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Official Review by Daniel Armstrong, Stadium Journey Special Correspondent
In 2011 the University of Illinois baseball team went on a miracleous run, going from the bottom half of the Big 10 standings to capture the regular season and conference tournament championships. Streaks like this are typical of Illini Athletics in recent years, although most of them have been losing streaks. The site of the spark of this unusual positive turn-around, the Illini's home turf Illinois Field.
The FANFARE scale is our metric device for rating each stadium experience. It covers the following:
Each area is rated from 0 to 5 stars with 5 being the best. The overall composite score is the "FANFARE Score".
Illinois Field is a typical college baseball stadium with typical stadium food. My recommendation would be the Big 10 dawg for $3. Among the stadium's other offerings were brats, nachos, popcorn, or a "jumbo" pretzel for $3 each. Candy and chips for $1 a piece are on hand as well.
The refreshment options are water ($2), Coke products ($2 or $4), a hot chocolate for those crisp spring evenings ($2), or a delicious frozen lemonade for those sizzling summer afternoons ($3).
It is far from an electric environment at Illinois Field, but it is better than most of the college parks I have visited. With the stadium 3/4 full of Illini orange and a large number of the opposition in the outfield lawns it was definitely unique. I really liked the cow bells the students brought, although by the 6th inning they had lost their charm.
It's a typical college sports park neighborhood surrounded by Assembly Hall, Memorial Stadium, the Illinois Soccer Complex, Eichelberger Softball Field, Historic George Huff Hall, and the U of I Armory (which at the time of its construction in 1914 was the largest free span, no center support structure in the world).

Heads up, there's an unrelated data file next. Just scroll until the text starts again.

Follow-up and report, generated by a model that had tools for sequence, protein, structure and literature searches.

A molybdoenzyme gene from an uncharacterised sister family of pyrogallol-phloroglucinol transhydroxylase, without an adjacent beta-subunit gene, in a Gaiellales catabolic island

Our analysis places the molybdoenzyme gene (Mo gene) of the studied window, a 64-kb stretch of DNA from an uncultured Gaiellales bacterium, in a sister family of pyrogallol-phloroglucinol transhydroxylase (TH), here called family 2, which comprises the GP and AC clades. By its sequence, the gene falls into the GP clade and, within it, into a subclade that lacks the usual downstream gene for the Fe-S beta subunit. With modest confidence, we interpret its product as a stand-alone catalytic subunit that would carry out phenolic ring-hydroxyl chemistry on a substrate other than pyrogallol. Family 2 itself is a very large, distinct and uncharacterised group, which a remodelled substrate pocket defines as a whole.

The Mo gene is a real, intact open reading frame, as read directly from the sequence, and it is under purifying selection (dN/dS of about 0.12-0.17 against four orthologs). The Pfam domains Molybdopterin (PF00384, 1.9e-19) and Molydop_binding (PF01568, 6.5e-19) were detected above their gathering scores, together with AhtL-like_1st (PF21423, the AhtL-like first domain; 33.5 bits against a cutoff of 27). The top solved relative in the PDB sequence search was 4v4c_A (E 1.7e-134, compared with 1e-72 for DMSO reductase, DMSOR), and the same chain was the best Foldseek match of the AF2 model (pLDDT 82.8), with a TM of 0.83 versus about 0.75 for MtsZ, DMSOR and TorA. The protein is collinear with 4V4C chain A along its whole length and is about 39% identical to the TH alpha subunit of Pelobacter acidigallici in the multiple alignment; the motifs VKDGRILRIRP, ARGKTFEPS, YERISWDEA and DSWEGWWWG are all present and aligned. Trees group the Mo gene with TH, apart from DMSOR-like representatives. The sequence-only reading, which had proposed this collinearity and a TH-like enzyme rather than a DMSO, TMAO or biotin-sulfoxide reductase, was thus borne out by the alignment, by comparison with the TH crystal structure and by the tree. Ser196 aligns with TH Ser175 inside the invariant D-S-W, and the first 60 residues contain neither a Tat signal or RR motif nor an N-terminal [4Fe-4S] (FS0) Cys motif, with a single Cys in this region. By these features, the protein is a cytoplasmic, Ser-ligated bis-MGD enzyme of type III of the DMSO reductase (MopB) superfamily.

As far as restaurants, bars, and entertainment you will not find many options within comfortable walking distance. My recommendation would be going about a mile north of Memorial Stadium to the "campus town" area. Filled with several options for students and fans alike it's the perfect place to find a spot to grab a bite to eat and relax after a game.
Illinois fans have a history of being fair weather fans so at the time of my visit when the Illini were 7th in the Big 10 I wasn't expecting much. However, I was pleasantly surprised to find a mostly full stadium with a rowdy group of fans. There were more students at the game than at any other NCAA baseball event I have attended so that's worth an extra point in this category.
The stadium itself is easy to find and parking is plentiful between the stadium's lot and a large grassy area between Illinois Field and Assembly Hall. There is one men's and one women's bathroom on the concourse, and you shouldn't expect to find a line, so there's no need to miss any of the game action.
Admission is $5 for an adult and $3 for children. It's an affordable event for families to attend. When you combine that with reasonable concessions and free parking it comes to around $12 per person, which is about perfect for the experience you will find inside. While it's not the best stadium to catch a game, it does have a unique feel which is deserving of a visit for a NCAA baseball fan.
Although it isn't the most aesthetically pleasing sight, the artificial turf is a plus as it greatly reduces weather cancellations, a problem which often plagues collegiate baseball teams in the Midwest. The plaques on the concourse naming past and present Illini in the big leagues was a nice way of bringing the history of the program alive. I also liked the message screen on the scoreboard, which is still a unique feature for on-campus ballparks.
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